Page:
It is, in all likelihood an asteroid -- or a dirty-ice planetesimal left over after the formation of the giant planets -- which was captured by Saturn during its formation days. This capture was made possible when there were still enough clouds of gas and debris far from Saturn capable of braking a passing object into orbit around Saturn. (Only in the past two months have a dozen much smaller similar captured moons been discovered orbiting the planet.)

Not surprisingly, planetary scientists would like to take a close look at Phoebe, but it's very hard to set up a flyby because its revolution around Saturn takes fully 550 days, and its orbit is tilted 30 degrees relative to Saturn's equator.

By pure luck, though, it happens to be at such a point in its orbit that, just by fiddling with Cassini's arrival time at Saturn by a few months, flight controllers could arrange for Cassini to fly within 56,000 km of Phoebe.

This is still a pretty distant view of the little world -- but because Cassini's precise navigation has allowed it to save significantly on maneuvering fuel, an additional course correction has been added that will allow it to fly within 2000 km of Phoebe, enabling extremely detailed images to be taken, along with IR surface composition spectra readings, and density measurements to tell if it's rock or ice.

To do so, flight controllers slightly changed its flyby path past Jupiter, aiming its final arrival point slightly further away from Saturn. Then a few days before reaching Phoebe, they will make a 27 meters/sec burn to angle it back toward Saturn on just the right path to fly immediately past Phoebe.

Cassini will then resume making routine closer and closer observations of Saturn itself, until -- on July 1 -- it swoops past Saturn's northern hemisphere, crosses the ring plane a short distance beyond the visible "F" ring, and swoops down to within only 6,000 km of Saturn's cloud tops.

95 minutes before making that closest approach, it will start firing its main engine to brake into Saturn orbit, shutting the engine down just at periapsis.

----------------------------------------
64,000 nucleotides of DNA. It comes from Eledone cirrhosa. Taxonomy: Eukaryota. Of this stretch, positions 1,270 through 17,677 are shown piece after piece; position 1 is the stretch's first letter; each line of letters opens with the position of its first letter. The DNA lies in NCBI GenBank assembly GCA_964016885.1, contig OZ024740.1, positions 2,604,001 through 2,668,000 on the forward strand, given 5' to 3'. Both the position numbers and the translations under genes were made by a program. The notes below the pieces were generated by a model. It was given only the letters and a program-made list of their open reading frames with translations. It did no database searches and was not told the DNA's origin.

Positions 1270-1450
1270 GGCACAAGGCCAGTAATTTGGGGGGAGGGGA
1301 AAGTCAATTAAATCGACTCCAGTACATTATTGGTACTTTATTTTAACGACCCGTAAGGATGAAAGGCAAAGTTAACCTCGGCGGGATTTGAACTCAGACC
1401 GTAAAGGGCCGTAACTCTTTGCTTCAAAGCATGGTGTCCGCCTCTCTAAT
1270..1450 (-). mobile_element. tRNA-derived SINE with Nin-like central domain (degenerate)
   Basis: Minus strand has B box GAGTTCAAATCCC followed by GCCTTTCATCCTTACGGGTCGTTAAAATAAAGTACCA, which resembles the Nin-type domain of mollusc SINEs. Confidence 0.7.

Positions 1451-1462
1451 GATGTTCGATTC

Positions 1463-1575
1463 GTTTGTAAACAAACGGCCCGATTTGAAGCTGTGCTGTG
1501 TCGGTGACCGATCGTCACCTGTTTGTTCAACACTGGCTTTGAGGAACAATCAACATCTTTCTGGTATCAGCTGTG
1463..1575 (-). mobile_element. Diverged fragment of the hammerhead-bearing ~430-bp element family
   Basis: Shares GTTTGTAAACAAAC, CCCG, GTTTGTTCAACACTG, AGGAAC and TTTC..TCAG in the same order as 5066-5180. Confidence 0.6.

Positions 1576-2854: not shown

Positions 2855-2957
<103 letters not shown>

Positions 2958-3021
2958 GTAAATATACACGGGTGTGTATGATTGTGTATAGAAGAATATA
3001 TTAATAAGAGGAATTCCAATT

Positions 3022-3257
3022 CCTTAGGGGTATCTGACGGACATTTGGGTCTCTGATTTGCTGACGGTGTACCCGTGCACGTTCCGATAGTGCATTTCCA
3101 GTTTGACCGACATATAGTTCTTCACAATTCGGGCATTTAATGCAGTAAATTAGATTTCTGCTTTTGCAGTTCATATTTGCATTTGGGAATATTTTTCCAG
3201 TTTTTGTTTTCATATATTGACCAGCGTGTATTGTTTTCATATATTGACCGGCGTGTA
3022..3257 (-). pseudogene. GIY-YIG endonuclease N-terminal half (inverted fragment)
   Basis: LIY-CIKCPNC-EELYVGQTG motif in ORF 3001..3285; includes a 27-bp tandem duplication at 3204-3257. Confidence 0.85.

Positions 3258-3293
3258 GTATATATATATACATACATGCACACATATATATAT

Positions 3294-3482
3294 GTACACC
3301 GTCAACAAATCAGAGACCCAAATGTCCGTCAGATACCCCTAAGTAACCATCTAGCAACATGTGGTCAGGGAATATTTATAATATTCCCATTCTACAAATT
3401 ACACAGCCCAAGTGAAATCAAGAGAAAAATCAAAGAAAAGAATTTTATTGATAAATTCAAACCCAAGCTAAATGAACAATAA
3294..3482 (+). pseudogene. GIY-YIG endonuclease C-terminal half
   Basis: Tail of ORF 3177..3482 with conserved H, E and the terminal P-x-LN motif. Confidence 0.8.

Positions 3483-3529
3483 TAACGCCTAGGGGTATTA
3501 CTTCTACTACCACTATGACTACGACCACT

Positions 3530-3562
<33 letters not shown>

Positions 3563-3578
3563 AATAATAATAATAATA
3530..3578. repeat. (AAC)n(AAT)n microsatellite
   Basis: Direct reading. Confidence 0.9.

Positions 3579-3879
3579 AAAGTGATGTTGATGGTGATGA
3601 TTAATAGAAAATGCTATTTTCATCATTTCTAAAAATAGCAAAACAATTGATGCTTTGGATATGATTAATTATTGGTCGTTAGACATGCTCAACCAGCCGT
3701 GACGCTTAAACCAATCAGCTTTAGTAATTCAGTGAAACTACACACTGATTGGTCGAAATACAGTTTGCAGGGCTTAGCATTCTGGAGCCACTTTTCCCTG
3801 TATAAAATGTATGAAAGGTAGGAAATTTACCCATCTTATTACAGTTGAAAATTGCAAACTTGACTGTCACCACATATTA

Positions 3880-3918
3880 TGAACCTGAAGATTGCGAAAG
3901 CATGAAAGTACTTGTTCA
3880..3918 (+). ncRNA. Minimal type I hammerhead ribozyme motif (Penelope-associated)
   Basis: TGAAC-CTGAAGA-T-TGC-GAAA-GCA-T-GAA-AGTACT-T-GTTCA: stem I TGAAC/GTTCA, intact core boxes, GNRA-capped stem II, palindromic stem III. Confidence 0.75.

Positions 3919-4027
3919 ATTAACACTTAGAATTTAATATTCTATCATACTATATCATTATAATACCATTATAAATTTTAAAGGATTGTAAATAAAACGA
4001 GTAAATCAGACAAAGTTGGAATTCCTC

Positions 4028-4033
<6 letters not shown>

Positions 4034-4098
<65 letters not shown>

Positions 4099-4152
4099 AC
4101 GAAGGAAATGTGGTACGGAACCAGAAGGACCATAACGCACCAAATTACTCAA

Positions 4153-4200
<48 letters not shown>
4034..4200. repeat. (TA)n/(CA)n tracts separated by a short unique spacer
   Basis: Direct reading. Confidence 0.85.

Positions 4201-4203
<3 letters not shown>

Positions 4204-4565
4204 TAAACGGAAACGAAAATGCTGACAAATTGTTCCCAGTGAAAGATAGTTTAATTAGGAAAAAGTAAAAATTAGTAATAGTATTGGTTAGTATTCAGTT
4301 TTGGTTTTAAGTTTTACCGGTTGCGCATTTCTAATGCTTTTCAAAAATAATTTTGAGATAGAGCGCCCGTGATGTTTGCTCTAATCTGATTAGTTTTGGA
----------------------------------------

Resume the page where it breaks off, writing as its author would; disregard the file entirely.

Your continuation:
During the SOI burn, Cassini will make measurements of Saturn's magnetic field and magnetosphere -- as this is by far the closest it will ever come to the planet -- but its cameras and spectrometers are rigidly fastened to its side, its scan platform having been removed back in 1996 to save money, so the spacecraft can't slew around to point its camera at any target until the engine has shut down.

After that, however, it will immediately start slewing around to point them for closeup views of Saturn's cloud features and rings.

Cassini cannot transmit back pictures live as it must then slew around again to point its big high-gain antenna dish at Earth and deliver data at 170,000 bits per second.

But its two solid-state recorders can store a total of 4 billion bits of data at a time -- almost four and half times as much as the Galileo spacecraft's tape recorder -- which it will then play back to Earth over a period of just a few hours.

Its typical mode of operation will be to spend 16 hours each day slewing around to point its instruments at various targets and recording data, before pointing its antenna at Earth to spend eight hours playing all the recorded data repeatedly back to Earth. During both periods, it will often roll slowly around its main axis -- once every 23 minutes -- so that its fields and particles sensors can monitor the flow of radiation and charged particles in different directions within Saturn's magnetosphere.

After braking itself into Saturn orbit, Cassini will soar away from the planet -- passing again through the ring plane all the way out at Dione's orbit -- in a huge, elongated orbit that takes it 10.4 million km out from Saturn.

On Sept. 25, shortly after passing that apoapsis, it will fire its main engine again to raise its next periapsis all the way out to Titan's orbit 1.2 million km from the planet -- thenceforth staying safely away from the rarified disk of dust particles which spreads some considerable distance beyond the edge of Saturn's visible rings.

While this material is much too rarified to be visible from Earth without extreme light amplification instruments, it's dense enough that each pass through it provides a very slight threat that Cassini might be crippled by hitting a "grain of sand" -- and so, while that first close pass just beyond the edge of Saturn's visible rings is necessary, the flight controllers want to avoid flying through the danger zone any more.

With the spacecraft now in its primary orbit attention will then turn to Cassini's second most important target: Titan, which is also the target of the Huygens entry and landing probe provided by the European Space Agency.

Next Week: Cassini at Titan

Related Links
Main Cassini Portal NASA/ESA
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Cassini Snaps Io Among The Clouds
Tucson - Jan. 22, 2001
The Galilean satellite Io floats above the cloud tops of Jupiter in a stunning image captured on the dawn of the new millennium, January 1, 2001 10:00 UTC (spacecraft time), and only two days after Cassini's closest approach. But the image is deceiving with over 350,000 kilometers -- roughly 2.5 Jupiters -- between Io and Jupiter's cloud tops.